By Frank Ahrens
Washington Post Staff Writer
Saturday, February 23, 2008
The Federal Communications Commission erased nearly all of a proposed $1.2 million indecency fine against a number of Fox television stations yesterday, saying the Rupert Murdoch-owned network should be fined for airing an offensive television show only in markets where viewers complained about it.
Instead of ordering all 169 stations that aired it to pay the larger fine, the FCC ordered 13 Fox-owned and -affiliated stations to pay a total of $91,000 in indecency fines for broadcasting an episode of the long-canceled reality show "Married by America" nearly five years ago.
In yesterday's order, the FCC turned down a Fox claim that said the April 7, 2003, show -- which featured digitally obscured nudity and whipped-cream-covered strippers -- was not indecent.
The FCC has a five-year statute of limitations on indecency enforcement; had the agency waited until after April 8 to rule, it could not have collected any fines.
Even though Fox, which is owned by Murdoch's News Corp., said it disagrees with yesterday's ruling and will consider its options -- such as an appeal to a federal court -- the network benefited from an FCC policy reversal last year that limited the agency's sweeping authority and that closely links indecency fines to viewer complaints.
The FCC first took up the case of "Married by America" in 2004, when the agency ruled that the episode was indecent. It proposed a $7,000 fine for each of the stations -- a total of $1.2 million. It was the first time the agency had proposed fining Fox's entire affiliate chain for an indecency violation.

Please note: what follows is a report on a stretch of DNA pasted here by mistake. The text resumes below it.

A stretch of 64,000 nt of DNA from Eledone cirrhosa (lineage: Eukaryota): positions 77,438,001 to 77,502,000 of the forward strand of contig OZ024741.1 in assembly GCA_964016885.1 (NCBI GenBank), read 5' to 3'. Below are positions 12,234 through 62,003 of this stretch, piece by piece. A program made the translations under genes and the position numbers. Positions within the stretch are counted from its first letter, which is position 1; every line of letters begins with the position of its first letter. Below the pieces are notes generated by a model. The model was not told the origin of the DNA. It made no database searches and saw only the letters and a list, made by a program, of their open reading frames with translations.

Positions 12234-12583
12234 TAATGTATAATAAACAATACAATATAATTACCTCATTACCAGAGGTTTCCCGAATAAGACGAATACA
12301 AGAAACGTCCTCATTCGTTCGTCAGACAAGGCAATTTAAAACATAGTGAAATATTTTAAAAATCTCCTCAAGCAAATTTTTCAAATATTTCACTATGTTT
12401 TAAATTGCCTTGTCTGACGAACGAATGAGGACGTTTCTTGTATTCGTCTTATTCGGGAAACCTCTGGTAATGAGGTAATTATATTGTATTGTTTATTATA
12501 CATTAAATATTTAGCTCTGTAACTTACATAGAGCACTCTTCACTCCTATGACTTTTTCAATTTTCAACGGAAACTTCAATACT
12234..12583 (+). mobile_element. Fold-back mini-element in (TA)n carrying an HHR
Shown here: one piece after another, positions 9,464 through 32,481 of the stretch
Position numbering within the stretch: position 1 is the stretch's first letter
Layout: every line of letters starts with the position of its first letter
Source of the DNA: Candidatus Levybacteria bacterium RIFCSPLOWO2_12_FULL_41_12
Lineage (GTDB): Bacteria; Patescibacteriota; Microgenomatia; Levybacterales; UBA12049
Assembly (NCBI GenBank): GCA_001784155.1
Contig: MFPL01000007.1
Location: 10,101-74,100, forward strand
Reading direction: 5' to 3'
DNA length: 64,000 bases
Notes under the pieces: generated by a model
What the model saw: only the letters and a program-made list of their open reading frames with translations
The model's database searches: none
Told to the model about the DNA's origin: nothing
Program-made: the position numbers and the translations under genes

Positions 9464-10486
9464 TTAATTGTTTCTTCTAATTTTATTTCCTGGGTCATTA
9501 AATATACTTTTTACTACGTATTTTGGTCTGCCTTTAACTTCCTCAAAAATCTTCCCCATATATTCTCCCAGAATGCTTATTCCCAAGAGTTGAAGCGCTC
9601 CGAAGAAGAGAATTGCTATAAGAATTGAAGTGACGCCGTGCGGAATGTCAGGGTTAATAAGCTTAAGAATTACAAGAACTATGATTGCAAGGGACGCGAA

In yesterday's ruling, the FCC said it would fine only the Fox stations in markets that had sent complaints to the agency about the episode. Among those stations is Washington's WTTG (Channel 5), as well as stations in Detroit, Minneapolis, Tampa, Roanoke, Des Moines, Yakima, Wash., and Charleston, W.Va.
The other 156 Fox-owned and -affiliated stations got off the hook. The FCC said it now practices a "policy of restrained enforcement in indecency proceedings."
The "Married by America" ruling is the second issued by the FCC in the past month that took years to complete. The FCC proposed the fine against Fox in October 2004, and Fox responded that December, meaning it took the agency more than three years to reach yesterday's decision.
In late January, the FCC proposed a total of $1.43 million in fines against 52 ABC-owned and -affiliated stations for airing a Feb. 25, 2003, episode of "NYPD Blue" that featured full female dorsal nudity and the side of one bare breast.
It took nearly five years from broadcast to FCC decision, but less than a month for the FCC to turn down ABC's response and order a reduced payment of $1.24 million against 45 stations, again omitting markets that had not complained about the program. ABC paid the fines but is appealing the FCC's decision to the U.S. Court of Appeals for the 2nd Circuit in New York.
The FCC declined to comment yesterday on why the actions have taken as long as they have.
Under the FCC's indecency statutes, over-the-air radio and television stations are prohibited from broadcasting "patently offensive" material of a sexual or excretory nature from 6 a.m. to 10 p.m., when children are most likely to be watching. The FCC's indecency statutes do not extend to cable and satellite programming.